Next, Saffo called Hanover Police detective Eric Bates, who said he assisted Moran in the investigation. Bates dusted for fingerprints and took pictures and measurements of the complainant’s room on May 15.
During his cross-examination by Ostler, Bates said he did not know who accessed the room in the 13 days between the alleged assault and this part of the investigation. Bates also confirmed that he had helped arrange the room for the March 17 jury viewing. The furniture was arranged to resemble the room’s appearance as detectives found it on May 15, he said.
The prosecution then called Lisa Corson as an expert witness. Corson, who works in the New Hampshire State Police Forensic Laboratory, has conducted thousands of fingerprint analyses.
Corson said she examined 27 fingerprints lifted during the May 15 police investigation. Out of the 27 prints, she found only one detailed enough to be eligible for comparison. This fingerprint did not belong to Gilbert, she said.
After a recess for lunch, the prosecution called Suzanne Stebenne, a nurse practitioner who attended to the complainant at Dick’s House on May 2. Stebenne said the complainant had looked “reserved,” “teary” and “fragile.”
Stebenne, who is not trained as a sexual assault nurse examiner, recommended that the complainant go to DHMC so a nurse with this training could examine her. This witness was not cross-examined.
Moran took the stand next and testified that he first met the complainant on the afternoon of May 13, when she reported the alleged assault to Hanover Police.
That day, Moran said he interviewed the complainant for approximately an hour and a half. During the course of their interview, which was recorded, Moran said the alleged victim seemed “distraught,” “pleasant” and “emotional at times.” She seemed to be comfortable speaking and cried during the interview, he said.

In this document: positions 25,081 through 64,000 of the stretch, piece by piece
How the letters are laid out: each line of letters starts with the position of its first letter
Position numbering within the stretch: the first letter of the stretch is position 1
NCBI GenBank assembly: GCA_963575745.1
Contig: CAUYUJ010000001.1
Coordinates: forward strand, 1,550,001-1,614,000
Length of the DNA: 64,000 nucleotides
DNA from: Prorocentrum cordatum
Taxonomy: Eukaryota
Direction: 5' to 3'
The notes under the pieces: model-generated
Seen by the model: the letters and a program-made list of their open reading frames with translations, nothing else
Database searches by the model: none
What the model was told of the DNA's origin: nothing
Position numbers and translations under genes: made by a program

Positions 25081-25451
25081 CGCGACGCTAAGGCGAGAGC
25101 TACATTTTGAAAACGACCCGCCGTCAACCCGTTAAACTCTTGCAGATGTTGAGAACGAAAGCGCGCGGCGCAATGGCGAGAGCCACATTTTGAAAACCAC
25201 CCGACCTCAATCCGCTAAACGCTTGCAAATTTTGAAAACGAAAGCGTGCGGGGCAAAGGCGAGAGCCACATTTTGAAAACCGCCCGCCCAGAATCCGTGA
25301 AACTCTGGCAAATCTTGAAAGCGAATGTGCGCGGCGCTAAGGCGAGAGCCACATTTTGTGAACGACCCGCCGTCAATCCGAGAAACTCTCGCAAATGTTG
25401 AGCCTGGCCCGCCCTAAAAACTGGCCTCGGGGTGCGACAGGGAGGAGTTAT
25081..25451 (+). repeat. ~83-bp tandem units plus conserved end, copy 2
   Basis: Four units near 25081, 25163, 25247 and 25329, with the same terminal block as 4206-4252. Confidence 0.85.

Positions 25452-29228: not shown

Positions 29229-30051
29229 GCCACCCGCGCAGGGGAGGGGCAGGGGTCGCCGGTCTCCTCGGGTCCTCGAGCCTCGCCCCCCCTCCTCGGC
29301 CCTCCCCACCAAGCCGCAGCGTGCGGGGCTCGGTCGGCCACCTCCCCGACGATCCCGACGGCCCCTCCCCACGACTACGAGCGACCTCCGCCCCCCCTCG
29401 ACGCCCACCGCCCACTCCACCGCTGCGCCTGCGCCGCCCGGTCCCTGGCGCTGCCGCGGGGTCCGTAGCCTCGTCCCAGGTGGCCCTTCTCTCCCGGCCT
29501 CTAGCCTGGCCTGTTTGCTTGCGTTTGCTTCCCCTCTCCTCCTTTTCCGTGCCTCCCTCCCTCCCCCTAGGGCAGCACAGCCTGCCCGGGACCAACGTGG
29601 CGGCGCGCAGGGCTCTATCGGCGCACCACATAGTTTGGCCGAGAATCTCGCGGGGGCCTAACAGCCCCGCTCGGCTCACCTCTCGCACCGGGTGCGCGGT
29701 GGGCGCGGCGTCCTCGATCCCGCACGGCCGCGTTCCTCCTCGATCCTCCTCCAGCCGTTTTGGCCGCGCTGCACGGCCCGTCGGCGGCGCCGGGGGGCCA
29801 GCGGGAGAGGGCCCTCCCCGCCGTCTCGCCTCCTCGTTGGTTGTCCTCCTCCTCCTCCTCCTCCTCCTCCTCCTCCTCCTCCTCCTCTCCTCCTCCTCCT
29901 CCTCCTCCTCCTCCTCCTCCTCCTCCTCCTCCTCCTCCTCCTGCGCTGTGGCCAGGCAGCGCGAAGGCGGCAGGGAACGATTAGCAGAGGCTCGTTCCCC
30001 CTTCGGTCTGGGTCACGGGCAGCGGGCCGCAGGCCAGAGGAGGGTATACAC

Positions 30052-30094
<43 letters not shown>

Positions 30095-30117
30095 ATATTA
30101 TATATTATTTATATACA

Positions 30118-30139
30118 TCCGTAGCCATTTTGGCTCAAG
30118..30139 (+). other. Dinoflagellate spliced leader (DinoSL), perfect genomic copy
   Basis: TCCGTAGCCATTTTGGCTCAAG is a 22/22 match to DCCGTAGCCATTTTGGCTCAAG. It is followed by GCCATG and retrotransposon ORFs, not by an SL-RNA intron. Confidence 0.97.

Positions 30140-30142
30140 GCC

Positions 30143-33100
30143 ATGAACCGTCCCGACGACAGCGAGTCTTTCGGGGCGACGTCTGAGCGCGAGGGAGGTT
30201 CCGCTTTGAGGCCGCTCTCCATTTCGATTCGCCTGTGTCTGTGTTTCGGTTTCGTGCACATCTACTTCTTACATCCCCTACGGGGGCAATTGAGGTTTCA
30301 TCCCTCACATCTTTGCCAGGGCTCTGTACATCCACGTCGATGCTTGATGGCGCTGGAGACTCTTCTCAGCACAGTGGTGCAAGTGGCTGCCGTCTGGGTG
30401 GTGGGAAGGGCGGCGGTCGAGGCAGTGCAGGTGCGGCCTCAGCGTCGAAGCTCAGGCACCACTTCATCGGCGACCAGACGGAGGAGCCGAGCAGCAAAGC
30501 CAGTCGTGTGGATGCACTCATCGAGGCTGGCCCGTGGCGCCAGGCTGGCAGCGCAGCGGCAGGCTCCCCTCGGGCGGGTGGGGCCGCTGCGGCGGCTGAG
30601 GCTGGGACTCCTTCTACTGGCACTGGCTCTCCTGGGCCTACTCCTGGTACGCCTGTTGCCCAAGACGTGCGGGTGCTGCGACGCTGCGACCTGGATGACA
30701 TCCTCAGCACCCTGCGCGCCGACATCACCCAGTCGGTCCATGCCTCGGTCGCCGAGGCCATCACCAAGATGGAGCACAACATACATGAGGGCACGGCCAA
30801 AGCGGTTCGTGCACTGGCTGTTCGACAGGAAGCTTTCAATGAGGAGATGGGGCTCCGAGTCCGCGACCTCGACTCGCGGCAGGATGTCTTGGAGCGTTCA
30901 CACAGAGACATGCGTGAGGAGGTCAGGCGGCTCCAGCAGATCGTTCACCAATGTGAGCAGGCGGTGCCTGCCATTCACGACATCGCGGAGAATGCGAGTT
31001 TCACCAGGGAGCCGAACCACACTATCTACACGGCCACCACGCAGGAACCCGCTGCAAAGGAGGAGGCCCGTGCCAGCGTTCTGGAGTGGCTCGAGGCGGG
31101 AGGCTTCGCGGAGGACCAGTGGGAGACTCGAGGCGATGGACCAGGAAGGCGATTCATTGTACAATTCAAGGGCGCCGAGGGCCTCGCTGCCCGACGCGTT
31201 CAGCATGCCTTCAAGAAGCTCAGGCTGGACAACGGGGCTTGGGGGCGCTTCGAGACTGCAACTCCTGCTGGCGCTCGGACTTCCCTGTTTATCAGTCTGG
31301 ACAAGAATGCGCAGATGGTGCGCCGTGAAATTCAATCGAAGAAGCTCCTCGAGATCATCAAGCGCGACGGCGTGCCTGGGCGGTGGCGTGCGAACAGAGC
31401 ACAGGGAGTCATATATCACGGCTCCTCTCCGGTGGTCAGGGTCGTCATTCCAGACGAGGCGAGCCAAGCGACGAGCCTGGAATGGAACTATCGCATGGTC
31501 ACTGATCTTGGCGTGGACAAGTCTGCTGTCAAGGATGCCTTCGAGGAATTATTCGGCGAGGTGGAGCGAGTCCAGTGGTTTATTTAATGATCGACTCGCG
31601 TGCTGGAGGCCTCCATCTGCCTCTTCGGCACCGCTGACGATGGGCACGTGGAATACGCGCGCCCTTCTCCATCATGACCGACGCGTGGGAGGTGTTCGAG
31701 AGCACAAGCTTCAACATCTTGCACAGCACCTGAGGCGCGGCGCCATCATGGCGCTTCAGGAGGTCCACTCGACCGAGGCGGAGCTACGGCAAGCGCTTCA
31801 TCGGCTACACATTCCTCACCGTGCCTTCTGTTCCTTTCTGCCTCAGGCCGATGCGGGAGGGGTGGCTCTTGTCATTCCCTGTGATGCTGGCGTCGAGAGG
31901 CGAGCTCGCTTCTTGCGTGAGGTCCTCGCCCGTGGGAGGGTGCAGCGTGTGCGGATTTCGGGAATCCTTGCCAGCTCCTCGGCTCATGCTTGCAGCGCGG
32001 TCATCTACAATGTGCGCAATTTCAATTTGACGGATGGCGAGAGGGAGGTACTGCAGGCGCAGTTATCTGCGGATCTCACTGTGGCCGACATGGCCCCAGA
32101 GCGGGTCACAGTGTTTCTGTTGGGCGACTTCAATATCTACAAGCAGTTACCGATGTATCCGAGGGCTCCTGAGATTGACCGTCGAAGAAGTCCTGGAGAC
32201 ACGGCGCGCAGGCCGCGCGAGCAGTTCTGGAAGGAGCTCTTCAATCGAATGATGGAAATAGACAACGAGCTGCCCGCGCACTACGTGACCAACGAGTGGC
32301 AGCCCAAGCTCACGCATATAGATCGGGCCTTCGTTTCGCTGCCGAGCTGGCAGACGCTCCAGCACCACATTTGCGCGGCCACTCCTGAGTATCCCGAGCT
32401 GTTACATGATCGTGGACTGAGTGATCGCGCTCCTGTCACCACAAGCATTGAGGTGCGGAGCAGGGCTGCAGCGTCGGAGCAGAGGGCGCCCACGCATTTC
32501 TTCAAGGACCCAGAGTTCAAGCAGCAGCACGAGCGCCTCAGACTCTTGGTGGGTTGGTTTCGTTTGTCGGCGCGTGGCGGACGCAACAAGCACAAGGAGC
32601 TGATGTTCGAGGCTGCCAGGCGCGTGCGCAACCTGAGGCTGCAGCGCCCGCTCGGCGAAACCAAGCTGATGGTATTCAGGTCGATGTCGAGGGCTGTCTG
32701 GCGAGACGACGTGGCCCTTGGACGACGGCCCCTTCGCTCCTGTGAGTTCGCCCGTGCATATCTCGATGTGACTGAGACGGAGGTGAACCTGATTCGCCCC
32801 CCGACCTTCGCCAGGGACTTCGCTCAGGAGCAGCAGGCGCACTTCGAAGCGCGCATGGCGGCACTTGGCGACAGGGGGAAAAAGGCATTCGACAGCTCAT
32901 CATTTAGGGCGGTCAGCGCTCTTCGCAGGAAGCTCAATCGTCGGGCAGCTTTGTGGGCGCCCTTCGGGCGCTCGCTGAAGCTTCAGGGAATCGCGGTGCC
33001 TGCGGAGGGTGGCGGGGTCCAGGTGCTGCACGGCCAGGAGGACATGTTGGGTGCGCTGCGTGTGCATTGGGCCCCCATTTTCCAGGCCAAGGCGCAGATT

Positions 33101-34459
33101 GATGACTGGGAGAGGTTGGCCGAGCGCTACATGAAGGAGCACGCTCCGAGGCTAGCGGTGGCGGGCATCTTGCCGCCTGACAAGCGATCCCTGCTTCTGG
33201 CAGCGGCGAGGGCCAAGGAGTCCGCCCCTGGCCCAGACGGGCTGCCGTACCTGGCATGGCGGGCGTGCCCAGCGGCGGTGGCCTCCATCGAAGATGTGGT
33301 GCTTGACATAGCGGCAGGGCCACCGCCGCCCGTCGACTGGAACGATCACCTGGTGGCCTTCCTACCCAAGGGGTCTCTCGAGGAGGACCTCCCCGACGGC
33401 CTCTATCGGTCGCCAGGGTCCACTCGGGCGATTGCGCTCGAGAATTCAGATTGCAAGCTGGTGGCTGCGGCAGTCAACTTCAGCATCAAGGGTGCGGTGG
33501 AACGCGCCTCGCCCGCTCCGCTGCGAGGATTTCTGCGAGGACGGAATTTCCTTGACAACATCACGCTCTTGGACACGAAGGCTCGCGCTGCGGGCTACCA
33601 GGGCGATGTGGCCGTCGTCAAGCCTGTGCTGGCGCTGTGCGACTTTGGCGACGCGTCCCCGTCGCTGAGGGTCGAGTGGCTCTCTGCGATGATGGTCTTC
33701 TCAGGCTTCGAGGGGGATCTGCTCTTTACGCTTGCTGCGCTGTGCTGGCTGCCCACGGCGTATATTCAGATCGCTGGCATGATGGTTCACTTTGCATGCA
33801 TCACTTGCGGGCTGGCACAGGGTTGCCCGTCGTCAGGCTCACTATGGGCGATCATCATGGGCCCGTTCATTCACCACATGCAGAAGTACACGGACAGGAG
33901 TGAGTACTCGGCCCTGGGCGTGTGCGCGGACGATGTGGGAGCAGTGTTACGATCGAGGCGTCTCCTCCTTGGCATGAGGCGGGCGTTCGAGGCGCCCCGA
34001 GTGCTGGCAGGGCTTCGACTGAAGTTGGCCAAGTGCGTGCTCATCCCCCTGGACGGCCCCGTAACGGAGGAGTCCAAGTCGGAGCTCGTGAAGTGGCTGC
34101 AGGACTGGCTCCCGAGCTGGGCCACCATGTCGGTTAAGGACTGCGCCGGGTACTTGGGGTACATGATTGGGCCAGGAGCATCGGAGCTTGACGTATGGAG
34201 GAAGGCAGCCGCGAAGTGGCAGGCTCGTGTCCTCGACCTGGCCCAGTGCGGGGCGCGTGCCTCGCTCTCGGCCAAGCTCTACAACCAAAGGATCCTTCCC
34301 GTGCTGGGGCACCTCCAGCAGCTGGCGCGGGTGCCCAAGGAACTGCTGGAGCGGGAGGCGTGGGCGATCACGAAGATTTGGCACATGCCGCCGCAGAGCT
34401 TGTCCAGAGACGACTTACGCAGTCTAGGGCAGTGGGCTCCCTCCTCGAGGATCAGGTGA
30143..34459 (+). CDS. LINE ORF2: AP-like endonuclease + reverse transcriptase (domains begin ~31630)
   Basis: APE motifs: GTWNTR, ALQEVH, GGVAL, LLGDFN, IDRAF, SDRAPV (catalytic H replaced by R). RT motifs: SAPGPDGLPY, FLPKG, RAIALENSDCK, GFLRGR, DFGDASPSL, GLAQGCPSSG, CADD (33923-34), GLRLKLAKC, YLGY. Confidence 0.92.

In a brief overview of the alleged attack, the complainant made only one reference to yelling, Moran said. In her subsequent in-depth account, the complainant did not say she yelled and told him she did not speak “forcefully,” he said.
Moran said Hanover Police searched Gilbert’s room on May 15, where they found 21 cans of Keystone Light, a few other beers and one bottle of wine.
During an interview with a Safety and Security officer, Moran said he confirmed that the complainant entered her residential hall at 1:38 a.m. on May 2, and that Gilbert entered at 2:26 a.m.
In the days following the complainant’s initial report, Moran interviewed many people, including 29 students who lived near the complainant and Gilbert.
During his cross-examination by Cary, Moran confirmed that the complainant, at the beginning of her interview, said she “kept on yelling ‘stop’” during the alleged assault. He also confirmed that the complainant told him she took three shots of vodka alone in her room that night, that Gilbert had asked her to engage in fellatio on the morning of May 2 and that she went to Dick’s House after a friend’s recommendation.
Court will resume at 9:30 a.m. Monday, when the prosecution will continue its case against Gilbert.
Editor's note (June 15, 2014): Gilbert was acquitted of all charges on March 27, 2014. For a full story, clickhere.